The Romans were (along with some Greek city-states) among the first people on Earth to pay their soldiers a regular salary so that they could be full-time soldiers instead of only fighting when they could spare the time from their farms. At first, the Romans had part-time soldiers like the Carthaginians and the Etruscans, but by about 100 BC, under Marius, the Romans began to pay soldiers to fight all year round. This gave them a lot of time for training and they became much better soldiers.
For the most part, only men could serve in the Roman army, though a few women may also have served. Men joined the army when they were about nineteen years old. Sometimes men volunteered for the army, either out of patriotism or for the adventure, or in the hope of rising to be an officer, or in the hope of getting citizenship, as people do in the United States today. Sometimes the Roman government forced men to join the army when they didn’t want to. Some men cut off their thumbs to get out of it.
Once you were in the army, you joined a legion – a group of soldiers who lived and fought together. In the time of Augustus, there were 28 legions, each one with about 5000 men in it. Within the legion (LEE-jun), you were in a cohort of about 500 men, and within that you were in a century, with about 80 men (even though the name should mean 100 men, since centum is “100” in Latin). Your commander was a centurion (sen-TOO-ree-ahn). Then within that you were in a “tent group” or contubernium, made up of you and the seven men who shared your tent and ate with you. These men were your pals for life (unless they got killed).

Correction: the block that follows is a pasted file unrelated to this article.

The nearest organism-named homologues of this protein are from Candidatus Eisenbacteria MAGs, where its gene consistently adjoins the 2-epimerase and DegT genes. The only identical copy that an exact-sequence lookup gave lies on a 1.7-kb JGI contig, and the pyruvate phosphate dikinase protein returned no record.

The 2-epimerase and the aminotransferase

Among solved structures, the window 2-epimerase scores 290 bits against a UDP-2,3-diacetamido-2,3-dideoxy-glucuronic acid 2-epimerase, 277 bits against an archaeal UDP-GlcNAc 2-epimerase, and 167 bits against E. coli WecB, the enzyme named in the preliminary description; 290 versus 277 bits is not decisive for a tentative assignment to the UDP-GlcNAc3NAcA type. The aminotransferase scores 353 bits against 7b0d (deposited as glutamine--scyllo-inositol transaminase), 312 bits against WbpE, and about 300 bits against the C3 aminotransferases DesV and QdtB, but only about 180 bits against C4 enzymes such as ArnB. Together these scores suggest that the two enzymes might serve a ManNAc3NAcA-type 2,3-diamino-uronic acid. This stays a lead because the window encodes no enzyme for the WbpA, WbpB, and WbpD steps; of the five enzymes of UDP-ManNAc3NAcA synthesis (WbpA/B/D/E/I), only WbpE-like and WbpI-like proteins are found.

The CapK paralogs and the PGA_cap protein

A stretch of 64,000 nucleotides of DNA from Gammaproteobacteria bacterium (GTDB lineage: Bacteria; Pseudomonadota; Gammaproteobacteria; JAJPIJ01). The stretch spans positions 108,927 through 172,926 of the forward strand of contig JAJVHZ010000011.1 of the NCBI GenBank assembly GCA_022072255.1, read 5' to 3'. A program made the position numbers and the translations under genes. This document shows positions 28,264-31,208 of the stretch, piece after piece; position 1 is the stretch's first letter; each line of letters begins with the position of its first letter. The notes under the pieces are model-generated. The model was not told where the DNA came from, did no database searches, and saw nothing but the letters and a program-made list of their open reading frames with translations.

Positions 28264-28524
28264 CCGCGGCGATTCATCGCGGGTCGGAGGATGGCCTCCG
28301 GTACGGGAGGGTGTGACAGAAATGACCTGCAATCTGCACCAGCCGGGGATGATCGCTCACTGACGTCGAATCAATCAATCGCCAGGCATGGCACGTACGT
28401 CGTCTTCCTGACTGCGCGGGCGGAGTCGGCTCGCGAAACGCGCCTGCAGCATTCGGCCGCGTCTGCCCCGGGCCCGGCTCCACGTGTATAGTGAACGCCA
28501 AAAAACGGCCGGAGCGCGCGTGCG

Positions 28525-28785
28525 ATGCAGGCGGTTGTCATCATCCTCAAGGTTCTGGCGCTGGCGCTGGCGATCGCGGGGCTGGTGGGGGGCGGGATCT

If you didn’t get killed, you would serve in the army for twenty-five years. If you joined at 19, you would be 44 when you got out. Most Roman men died in their forties or fifties, so you would expect to spend pretty much all of your life in the army. Soldiers were not supposed to get married or have children, but often they did anyway.
More about the Roman Army
Learn by Doing – Making Roman weapons
Bibliography and further reading about Roman warfare:
Science in Ancient Rome, by Jacqueline Harris (1998).
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